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FRANCIS MASON (1799—1874)

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Originally appearing in Volume V17, Page 838 of the 1911 Encyclopedia Britannica.
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FRANCIS MASON (1799—1874), American missionary, was born in York, England, on the 2nd of April 1799. His grand-father, Francis Mason, was the founder of the Baptist Society in York, and his father, a shoemaker by trade, was a Baptist lay preacher there. After working with his father as a shoemaker for several years, he emigrated in 1818 to the United States, and in Massachusetts was licensed to preach as a Baptist in 1827. In 1830 he was sent by the American Baptist Missionary Convention to labour among the Karens in Burma. Besides conducting a training college for native preachers and teachers at Tavoy, he translated the Bible into the two principal dialects of the Karens, the Sgaw and the Pwo (his translation being published in 1853), and Matthew, Genesis, and the Psalms into the Bghai dialect. He also published A Pali Grammar on the Basis of Kachchayano, with Chrestomathy and Vocabulary (1868). In 1852 he published a book of great value on the fauna and flora of British Burma, of which an improved edition appeared in 186o under the title Burmah, its People and Natural Productions, and a third edition (2 vols.) revised and enlarged by W. Theobald in 1882—1883. He died at Rangoon on the 3rd of March 1874. See his autobiography, The Story cf a Working Man's Life, with Sketches of Travel in Europe, Asia, Africa and America (New York, 1870).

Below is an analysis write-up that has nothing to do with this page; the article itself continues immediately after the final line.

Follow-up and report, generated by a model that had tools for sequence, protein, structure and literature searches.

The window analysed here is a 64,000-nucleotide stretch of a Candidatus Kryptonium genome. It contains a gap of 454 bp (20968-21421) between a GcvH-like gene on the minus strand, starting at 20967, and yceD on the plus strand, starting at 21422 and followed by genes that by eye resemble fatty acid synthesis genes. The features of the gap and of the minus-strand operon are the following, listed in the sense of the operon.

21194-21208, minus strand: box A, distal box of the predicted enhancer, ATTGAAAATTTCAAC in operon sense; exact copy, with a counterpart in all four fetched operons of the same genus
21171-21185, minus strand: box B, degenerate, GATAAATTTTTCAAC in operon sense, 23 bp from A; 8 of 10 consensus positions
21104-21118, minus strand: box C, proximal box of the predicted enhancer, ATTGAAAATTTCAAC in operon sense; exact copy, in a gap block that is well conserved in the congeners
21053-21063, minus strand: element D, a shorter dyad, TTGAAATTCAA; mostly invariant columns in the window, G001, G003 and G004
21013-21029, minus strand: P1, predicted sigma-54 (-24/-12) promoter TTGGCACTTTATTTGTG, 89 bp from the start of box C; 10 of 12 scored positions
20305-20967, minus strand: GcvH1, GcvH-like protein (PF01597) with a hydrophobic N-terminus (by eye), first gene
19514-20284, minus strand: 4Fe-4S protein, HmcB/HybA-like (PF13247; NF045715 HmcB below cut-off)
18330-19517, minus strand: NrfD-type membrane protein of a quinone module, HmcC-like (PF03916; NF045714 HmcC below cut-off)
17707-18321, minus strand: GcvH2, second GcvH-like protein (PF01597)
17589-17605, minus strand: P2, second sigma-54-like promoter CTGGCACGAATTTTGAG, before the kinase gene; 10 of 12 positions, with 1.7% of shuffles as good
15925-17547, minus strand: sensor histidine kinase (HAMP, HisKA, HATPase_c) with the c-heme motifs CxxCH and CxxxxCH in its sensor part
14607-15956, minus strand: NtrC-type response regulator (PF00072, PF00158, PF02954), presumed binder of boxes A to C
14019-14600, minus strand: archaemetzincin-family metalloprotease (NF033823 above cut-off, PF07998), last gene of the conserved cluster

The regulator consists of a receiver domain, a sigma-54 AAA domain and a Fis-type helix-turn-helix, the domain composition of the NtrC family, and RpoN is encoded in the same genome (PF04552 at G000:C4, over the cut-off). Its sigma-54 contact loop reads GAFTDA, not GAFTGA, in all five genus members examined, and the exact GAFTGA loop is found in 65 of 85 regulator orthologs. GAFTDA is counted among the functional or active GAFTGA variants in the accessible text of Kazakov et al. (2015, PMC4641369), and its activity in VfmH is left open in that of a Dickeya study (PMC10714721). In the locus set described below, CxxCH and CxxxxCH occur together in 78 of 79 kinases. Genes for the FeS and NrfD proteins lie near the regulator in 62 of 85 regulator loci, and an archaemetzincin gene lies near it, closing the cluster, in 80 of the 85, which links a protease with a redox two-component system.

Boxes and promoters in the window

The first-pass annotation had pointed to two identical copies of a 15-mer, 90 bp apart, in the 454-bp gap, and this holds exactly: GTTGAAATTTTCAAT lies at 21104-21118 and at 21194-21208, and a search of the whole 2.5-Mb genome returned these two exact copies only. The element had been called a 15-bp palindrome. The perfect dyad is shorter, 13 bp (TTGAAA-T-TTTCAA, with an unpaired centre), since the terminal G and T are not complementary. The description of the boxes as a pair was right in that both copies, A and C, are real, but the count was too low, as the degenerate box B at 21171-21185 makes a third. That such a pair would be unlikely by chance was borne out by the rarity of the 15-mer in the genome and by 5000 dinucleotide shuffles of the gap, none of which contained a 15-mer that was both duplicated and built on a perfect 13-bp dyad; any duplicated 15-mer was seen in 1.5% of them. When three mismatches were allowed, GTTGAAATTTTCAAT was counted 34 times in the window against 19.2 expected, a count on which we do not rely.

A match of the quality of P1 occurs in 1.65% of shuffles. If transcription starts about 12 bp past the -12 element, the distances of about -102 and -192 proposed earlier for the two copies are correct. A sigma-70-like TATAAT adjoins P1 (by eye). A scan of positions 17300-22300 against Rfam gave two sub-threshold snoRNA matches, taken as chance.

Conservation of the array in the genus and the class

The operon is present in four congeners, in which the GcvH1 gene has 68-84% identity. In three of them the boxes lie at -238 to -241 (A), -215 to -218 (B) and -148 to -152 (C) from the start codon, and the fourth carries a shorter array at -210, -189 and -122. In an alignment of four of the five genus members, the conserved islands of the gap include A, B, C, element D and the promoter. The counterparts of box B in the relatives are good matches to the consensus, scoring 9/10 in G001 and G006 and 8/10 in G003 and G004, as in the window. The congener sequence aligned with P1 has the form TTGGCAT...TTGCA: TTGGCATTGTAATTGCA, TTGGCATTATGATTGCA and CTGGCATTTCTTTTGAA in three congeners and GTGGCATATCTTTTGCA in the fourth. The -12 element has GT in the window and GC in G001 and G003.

End of Article: FRANCIS MASON (1799—1874)
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